Farming characteristics and self-reported health outcomes of Irish farmers

D. van Doorn, N. Richardson, A. Storey, A. Osborne, C. Cunningham, C. Blake, J. McNamara

Research output: Contribution to journalArticlepeer-review

3 Citations (Scopus)

Abstract

Background Irish farmers represent a 'high-risk' group for non-communicable diseases, which, arguably, pose a greater occupational health challenge for farmers. To date, there has been little exploration of the farming characteristics associated with farmers' poor health outcomes. Aims To examine the relationship between farming and male farmers' self-reported health outcomes and to compare the study findings to national health studies to explore which factors specifically are associated with Irish farmers' poorer health outcomes relative to the general population. Methods This cross-sectional survey research used self-reported quantitative data on the health outcomes and health behaviours of male farmers from the South-East of Ireland. Data were entered into SPSS and descriptive and binary regression techniques were used for data analysis. Results There were 314 participants (99% response rate). Age, full-time farming and dairy farming significantly impacted self-reported health outcomes and health behaviours. There was a high prevalence of self-reported arthritis compared with the national average of Irish males. 'Younger' farmers ( < 45 years) were more likely to engage in harmful health behaviours such as smoking and 'bingedrinking' one or more times per week. Conclusions This study identified self-reported patterns of risky lifestyle behaviours among particular subgroups of Irish farmers for whom targeted health interventions are warranted. Interventions are particularly important for younger farmers who may see themselves as invincible and impregnable to ill-health.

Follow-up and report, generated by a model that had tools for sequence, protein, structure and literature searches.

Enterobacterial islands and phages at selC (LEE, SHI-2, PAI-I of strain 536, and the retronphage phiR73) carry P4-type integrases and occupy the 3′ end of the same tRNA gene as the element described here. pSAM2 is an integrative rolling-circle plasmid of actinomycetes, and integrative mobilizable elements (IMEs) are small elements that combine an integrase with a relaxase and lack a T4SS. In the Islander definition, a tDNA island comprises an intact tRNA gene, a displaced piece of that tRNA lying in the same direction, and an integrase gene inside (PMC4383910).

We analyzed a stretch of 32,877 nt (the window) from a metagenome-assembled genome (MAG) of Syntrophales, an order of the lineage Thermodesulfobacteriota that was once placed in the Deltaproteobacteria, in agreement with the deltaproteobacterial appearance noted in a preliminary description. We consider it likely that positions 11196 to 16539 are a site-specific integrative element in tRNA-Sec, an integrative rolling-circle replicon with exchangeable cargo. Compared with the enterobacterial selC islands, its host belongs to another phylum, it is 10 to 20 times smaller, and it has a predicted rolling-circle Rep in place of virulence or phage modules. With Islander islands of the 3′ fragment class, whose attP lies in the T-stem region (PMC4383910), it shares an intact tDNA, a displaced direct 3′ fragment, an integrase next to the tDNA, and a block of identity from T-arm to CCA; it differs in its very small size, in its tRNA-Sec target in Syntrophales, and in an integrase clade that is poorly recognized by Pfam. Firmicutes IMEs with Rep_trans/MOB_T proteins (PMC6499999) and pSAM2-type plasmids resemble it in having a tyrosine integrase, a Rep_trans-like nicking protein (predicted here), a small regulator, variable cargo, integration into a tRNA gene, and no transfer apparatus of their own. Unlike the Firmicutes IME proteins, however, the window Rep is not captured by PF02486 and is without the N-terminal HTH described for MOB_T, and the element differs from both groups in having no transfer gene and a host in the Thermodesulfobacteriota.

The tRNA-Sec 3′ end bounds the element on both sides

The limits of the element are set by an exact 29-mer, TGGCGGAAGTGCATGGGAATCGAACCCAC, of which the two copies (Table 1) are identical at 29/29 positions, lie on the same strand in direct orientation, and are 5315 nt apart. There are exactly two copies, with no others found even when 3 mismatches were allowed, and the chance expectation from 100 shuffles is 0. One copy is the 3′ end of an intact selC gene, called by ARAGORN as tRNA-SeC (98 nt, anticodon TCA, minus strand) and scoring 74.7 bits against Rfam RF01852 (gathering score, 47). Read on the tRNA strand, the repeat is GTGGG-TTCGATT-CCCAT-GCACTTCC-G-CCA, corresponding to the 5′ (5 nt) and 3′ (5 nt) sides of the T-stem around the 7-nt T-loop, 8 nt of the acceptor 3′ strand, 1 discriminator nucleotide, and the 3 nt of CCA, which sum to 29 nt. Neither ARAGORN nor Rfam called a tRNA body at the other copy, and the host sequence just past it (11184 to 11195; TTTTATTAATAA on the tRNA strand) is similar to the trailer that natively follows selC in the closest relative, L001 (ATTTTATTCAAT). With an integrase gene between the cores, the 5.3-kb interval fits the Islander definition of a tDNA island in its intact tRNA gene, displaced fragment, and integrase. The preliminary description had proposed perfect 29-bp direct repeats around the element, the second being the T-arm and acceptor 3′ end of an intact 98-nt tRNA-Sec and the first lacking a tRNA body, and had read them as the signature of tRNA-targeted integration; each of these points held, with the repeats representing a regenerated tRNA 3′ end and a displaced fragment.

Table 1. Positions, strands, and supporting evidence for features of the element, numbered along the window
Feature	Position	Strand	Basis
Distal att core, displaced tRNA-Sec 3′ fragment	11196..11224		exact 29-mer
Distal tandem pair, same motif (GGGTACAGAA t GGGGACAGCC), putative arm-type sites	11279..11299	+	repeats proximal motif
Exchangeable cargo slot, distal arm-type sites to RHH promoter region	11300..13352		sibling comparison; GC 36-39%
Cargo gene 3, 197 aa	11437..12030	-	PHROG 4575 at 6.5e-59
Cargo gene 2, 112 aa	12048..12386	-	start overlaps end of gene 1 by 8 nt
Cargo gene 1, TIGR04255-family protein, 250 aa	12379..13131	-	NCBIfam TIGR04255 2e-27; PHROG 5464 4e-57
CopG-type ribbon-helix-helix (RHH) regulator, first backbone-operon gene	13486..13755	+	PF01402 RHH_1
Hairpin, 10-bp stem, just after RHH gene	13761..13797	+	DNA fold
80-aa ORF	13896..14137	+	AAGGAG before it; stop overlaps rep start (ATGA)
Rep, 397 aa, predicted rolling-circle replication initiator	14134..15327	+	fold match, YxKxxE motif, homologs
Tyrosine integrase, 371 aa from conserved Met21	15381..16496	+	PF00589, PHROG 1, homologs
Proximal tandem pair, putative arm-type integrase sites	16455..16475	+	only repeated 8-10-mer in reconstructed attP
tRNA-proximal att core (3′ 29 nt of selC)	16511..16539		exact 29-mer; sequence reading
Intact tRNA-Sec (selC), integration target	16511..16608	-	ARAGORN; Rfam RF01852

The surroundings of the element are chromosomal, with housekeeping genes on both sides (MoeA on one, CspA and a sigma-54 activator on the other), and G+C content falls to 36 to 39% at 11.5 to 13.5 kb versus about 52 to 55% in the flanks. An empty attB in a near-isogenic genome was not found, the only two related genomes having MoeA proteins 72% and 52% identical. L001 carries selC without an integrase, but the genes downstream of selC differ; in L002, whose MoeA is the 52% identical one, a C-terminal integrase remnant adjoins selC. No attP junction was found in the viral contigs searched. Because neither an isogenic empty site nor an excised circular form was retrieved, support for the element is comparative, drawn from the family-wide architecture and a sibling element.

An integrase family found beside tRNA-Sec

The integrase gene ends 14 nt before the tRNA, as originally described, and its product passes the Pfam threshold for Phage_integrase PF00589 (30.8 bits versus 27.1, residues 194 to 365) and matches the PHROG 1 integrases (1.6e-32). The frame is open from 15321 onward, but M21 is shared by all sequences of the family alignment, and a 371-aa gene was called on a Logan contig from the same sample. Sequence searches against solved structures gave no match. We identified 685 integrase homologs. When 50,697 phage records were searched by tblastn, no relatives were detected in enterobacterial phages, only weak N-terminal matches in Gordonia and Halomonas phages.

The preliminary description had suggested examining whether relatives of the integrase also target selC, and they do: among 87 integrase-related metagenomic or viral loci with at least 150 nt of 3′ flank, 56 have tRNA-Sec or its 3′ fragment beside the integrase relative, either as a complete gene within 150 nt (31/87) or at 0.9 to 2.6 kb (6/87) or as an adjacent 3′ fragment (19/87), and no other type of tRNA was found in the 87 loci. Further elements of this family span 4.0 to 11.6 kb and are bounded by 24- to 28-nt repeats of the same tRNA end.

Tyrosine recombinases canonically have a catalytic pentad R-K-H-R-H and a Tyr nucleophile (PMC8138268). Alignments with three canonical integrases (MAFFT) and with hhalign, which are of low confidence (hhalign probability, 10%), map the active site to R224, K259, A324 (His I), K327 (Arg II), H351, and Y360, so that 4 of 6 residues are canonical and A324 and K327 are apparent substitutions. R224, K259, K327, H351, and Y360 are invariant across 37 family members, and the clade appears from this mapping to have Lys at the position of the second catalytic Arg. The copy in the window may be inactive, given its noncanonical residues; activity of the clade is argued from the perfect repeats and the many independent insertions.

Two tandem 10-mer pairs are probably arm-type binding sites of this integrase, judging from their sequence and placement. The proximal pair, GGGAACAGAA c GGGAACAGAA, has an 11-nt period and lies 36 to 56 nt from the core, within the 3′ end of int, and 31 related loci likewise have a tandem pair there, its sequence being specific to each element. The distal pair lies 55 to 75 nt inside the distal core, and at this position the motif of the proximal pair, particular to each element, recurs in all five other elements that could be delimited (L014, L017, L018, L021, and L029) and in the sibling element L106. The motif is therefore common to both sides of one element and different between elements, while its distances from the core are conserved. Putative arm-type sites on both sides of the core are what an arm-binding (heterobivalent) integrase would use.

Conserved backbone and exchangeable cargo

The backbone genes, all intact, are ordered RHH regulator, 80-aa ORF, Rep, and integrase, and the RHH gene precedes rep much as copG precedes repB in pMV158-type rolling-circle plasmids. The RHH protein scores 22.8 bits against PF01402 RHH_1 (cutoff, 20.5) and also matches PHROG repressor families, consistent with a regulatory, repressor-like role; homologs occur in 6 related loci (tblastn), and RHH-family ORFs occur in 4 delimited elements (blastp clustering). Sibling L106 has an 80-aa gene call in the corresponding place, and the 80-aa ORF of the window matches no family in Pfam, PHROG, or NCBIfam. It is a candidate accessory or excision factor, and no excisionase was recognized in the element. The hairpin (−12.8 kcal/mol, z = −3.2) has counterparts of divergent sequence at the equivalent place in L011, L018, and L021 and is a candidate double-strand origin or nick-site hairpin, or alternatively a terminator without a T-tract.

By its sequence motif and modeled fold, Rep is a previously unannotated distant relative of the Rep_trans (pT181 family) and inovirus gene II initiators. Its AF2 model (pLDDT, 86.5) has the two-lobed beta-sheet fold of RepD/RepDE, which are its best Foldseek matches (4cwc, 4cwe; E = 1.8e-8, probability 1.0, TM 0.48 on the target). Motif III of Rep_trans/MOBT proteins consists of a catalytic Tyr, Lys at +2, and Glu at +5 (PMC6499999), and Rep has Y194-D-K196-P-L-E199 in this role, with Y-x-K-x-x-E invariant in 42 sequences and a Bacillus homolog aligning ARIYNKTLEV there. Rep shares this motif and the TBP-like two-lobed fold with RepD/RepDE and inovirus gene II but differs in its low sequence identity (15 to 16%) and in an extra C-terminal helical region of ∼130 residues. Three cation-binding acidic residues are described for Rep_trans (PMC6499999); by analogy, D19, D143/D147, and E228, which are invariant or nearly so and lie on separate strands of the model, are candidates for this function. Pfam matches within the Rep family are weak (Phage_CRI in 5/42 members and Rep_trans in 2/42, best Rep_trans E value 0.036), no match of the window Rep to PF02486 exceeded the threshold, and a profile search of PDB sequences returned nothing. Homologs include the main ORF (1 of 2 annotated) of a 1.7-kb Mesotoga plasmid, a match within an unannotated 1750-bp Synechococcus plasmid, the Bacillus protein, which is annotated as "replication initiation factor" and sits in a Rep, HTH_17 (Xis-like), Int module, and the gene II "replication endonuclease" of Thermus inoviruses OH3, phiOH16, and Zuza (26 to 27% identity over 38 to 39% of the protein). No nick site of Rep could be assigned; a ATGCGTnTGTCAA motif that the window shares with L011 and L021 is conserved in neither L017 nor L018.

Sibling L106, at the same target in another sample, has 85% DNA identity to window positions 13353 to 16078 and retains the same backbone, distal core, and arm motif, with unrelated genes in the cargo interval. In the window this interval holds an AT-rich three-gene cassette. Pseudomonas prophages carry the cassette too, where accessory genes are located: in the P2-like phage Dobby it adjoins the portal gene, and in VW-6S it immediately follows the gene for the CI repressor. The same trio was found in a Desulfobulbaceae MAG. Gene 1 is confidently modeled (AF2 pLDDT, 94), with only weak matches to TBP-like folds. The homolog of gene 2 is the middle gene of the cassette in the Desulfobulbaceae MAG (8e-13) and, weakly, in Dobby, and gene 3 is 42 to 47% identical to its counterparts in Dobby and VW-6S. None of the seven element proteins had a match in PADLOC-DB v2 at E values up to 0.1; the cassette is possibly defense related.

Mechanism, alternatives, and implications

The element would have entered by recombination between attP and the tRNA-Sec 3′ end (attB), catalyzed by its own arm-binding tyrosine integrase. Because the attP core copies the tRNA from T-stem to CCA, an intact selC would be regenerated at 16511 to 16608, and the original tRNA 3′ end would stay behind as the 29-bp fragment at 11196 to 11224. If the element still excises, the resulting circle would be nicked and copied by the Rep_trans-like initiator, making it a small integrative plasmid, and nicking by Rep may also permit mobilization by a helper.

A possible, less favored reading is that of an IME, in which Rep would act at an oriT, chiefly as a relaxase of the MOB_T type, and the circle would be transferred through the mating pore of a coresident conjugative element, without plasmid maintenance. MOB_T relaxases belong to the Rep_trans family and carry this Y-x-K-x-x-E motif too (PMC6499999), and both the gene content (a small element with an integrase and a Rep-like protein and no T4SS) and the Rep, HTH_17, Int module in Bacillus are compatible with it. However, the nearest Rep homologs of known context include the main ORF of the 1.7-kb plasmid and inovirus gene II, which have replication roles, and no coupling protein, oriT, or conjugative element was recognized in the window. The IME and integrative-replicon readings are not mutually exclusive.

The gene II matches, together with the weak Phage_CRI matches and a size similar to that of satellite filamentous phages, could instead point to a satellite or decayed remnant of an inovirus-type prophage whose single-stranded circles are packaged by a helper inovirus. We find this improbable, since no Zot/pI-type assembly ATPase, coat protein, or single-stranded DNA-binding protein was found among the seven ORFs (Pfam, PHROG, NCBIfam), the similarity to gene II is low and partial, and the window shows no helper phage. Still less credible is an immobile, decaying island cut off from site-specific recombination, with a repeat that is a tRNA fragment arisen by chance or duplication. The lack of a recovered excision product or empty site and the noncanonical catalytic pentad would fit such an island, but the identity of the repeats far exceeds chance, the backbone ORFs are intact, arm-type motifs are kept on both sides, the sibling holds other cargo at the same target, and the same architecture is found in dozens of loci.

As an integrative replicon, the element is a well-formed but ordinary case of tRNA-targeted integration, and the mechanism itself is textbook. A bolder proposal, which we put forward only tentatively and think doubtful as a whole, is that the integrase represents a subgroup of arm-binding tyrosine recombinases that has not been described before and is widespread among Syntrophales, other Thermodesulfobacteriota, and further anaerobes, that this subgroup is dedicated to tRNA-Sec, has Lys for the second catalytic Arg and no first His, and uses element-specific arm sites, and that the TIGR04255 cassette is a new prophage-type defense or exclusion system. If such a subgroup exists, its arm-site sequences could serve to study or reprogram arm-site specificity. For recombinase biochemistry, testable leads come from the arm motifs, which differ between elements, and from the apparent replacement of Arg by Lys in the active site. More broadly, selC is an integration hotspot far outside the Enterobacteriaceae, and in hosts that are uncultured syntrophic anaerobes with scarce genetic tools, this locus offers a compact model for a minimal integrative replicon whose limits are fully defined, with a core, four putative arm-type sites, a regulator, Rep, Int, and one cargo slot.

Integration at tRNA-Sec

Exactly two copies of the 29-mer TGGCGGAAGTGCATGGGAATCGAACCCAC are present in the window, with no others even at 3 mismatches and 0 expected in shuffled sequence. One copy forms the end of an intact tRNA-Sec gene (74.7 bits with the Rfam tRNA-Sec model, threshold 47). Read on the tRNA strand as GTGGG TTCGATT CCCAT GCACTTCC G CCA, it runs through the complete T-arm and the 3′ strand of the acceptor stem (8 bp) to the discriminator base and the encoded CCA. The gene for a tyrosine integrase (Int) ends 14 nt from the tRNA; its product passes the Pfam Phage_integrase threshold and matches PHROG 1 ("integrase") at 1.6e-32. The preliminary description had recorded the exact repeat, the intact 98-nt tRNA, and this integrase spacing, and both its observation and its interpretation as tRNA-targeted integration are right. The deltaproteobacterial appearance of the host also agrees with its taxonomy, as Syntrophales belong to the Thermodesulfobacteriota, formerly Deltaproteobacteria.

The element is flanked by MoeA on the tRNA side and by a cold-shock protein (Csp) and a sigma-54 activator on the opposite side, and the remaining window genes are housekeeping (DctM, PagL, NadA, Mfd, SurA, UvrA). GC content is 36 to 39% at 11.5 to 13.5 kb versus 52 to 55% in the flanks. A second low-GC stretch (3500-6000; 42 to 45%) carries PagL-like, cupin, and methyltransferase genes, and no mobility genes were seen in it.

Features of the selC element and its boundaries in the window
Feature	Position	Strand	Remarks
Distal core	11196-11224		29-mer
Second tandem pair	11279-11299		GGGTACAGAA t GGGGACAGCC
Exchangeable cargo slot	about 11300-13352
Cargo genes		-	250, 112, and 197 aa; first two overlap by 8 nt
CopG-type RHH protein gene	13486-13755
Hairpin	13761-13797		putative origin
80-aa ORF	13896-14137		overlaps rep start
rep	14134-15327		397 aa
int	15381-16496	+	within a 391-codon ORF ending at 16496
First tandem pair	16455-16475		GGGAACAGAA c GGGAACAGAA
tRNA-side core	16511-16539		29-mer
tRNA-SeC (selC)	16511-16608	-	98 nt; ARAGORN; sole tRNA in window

Original languageEnglish
Pages (from-to)199-202
Number of pages4
JournalOccupational Medicine
Volume68
Issue number3
DOIs
Publication statusPublished - 17 May 2018

Keywords

  • Arthritis
  • Farm work-related illness
  • Men's health

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